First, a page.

HEALTH-CARE LAW Forms have been simplified but to apply, prepare to detail finances
After a storm of complaints, the Obama administration Tuesday unveiled simplified forms to apply for insurance under the president’s new health-care law. You won’t have to lay bare your medical history but you will have to detail your finances.
An earlier version of the forms had provoked widespread griping that they were as bad as tax forms and might overwhelm uninsured people, causing them to give up.
The biggest change: a five-page short form that single people can fill out. That form includes a cover page with instructions and another page if you want to designate someone to help you through the process.
But the abridged application form for families starts at 12 pages and grows as you add children. Most people are expected to take another option, applying online.
The ease or difficulty of applying for benefits takes on added importance because Americans remain confused about what the health-care law will mean for them. A Kaiser Family Foundation poll released Tuesday found that 4 in 10 are unaware it’s the law of the land. Some think it’s been repealed by Congress. In fact, it’s still on track.
And it’s a mandate, not a suggestion. The law says virtually all Americans must carry health insurance starting next year, although most will just keep the coverage they now have through their jobs, Medicare or Medicaid.
At his news conference Tuesday, President Barack Obama hailed the simplified forms as an example of how his team listened to criticism from consumer groups and made a fix. The law’s full benefits will be available to all next year, he emphasized, even if Republicans in Congress still insist on repeal and many GOP governors won’t help put it into place.
When the first draft of the application turned out to be a clunker, “immediately, everybody sat around the table and said, ‘Well, this is too long, especially ... in this age of the Internet,’” Obama recounted. “‘People aren’t going to have the patience to sit there for hours on end. Let’s streamline this thing.’”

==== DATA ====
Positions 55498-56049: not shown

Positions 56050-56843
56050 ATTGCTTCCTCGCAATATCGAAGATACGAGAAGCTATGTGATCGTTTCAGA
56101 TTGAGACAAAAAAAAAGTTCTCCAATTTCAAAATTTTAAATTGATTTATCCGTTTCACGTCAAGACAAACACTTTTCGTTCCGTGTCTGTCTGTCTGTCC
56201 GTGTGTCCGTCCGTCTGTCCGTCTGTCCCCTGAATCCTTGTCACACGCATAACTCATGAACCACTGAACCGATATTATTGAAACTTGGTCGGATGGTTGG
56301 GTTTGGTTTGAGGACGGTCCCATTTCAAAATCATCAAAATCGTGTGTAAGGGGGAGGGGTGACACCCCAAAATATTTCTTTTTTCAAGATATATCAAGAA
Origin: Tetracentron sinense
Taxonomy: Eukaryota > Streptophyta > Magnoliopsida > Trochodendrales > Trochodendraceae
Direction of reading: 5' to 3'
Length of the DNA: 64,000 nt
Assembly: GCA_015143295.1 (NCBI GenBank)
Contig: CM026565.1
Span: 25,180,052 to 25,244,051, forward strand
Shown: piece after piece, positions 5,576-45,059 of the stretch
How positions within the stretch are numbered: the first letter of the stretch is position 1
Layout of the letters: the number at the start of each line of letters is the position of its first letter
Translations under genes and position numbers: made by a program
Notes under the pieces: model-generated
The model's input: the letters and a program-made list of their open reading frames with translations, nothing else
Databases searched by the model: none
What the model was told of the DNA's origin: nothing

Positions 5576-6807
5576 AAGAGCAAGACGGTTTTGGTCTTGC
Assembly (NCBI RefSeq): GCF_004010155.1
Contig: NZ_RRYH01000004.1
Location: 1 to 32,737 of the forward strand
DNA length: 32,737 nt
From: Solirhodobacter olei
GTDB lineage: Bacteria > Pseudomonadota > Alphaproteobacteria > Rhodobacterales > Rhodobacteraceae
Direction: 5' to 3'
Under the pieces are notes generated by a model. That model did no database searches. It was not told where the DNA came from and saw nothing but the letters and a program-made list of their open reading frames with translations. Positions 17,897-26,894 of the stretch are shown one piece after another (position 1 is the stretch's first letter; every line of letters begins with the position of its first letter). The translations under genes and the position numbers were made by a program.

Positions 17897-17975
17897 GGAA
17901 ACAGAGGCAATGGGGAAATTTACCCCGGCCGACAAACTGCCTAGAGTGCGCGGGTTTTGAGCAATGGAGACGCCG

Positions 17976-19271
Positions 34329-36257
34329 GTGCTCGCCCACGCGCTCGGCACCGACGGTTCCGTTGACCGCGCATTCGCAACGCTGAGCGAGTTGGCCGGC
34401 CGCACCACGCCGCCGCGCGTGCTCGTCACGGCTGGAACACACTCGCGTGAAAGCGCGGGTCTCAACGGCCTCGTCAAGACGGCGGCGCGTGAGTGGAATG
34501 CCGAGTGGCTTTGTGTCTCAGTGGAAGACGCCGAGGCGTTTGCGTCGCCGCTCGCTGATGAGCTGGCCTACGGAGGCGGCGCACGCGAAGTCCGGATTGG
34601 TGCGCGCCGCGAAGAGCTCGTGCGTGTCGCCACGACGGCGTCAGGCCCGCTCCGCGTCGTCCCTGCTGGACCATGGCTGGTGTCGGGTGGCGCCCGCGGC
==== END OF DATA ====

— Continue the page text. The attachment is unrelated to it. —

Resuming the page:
The flap over the application forms was a “first test” of the administration’s ability to confront problems as they emerge, said Sam Karp, vice president of programs at the California HealthCare Foundation.
“Being nimble enough to identify, then fix, problems will be critical to successfully enroll millions of Americans who will become newly eligible for coverage,” he said.
The applications will start becoming familiar to consumers less than six months from now, on Oct. 1, when new insurance markets open for enrollment in every state. Most people already signed up in their employer’s plan don’t need to bother with the forms.
Filling out the application is just the first part of the process, which lets you know if you qualify for financial help. The government asks to see what you’re making because Obama’s Affordable Care Act is means-tested, with lower-income people getting the most-generous help to pay premiums. Consumers who aren’t applying for financial help still have to fill out a five-page form.
Once you’re finished with the money part, actually picking a health plan will require additional steps, plus a basic understanding of insurance jargon.
Benefits begin Jan. 1, and nearly 30 million uninsured Americans are eventually expected to get coverage.
While the first drafts of the applications were widely panned, the new forms were seen as an improvement. Still, consumers must provide a snapshot of their finances. That potentially includes multiple sources of income, from alimony to tips to regular paychecks.
On the list: unemployment, pensions, Social Security, other retirement checks and farming and fishing income. Individuals will have to gather tax returns, pay stubs and other financial records before filling out the application.
“Given the amount of information necessary to determine eligibility, it’s hard to see how the forms could be any shorter,” said Robert Laszewski, a former insurance executive turned industry consultant.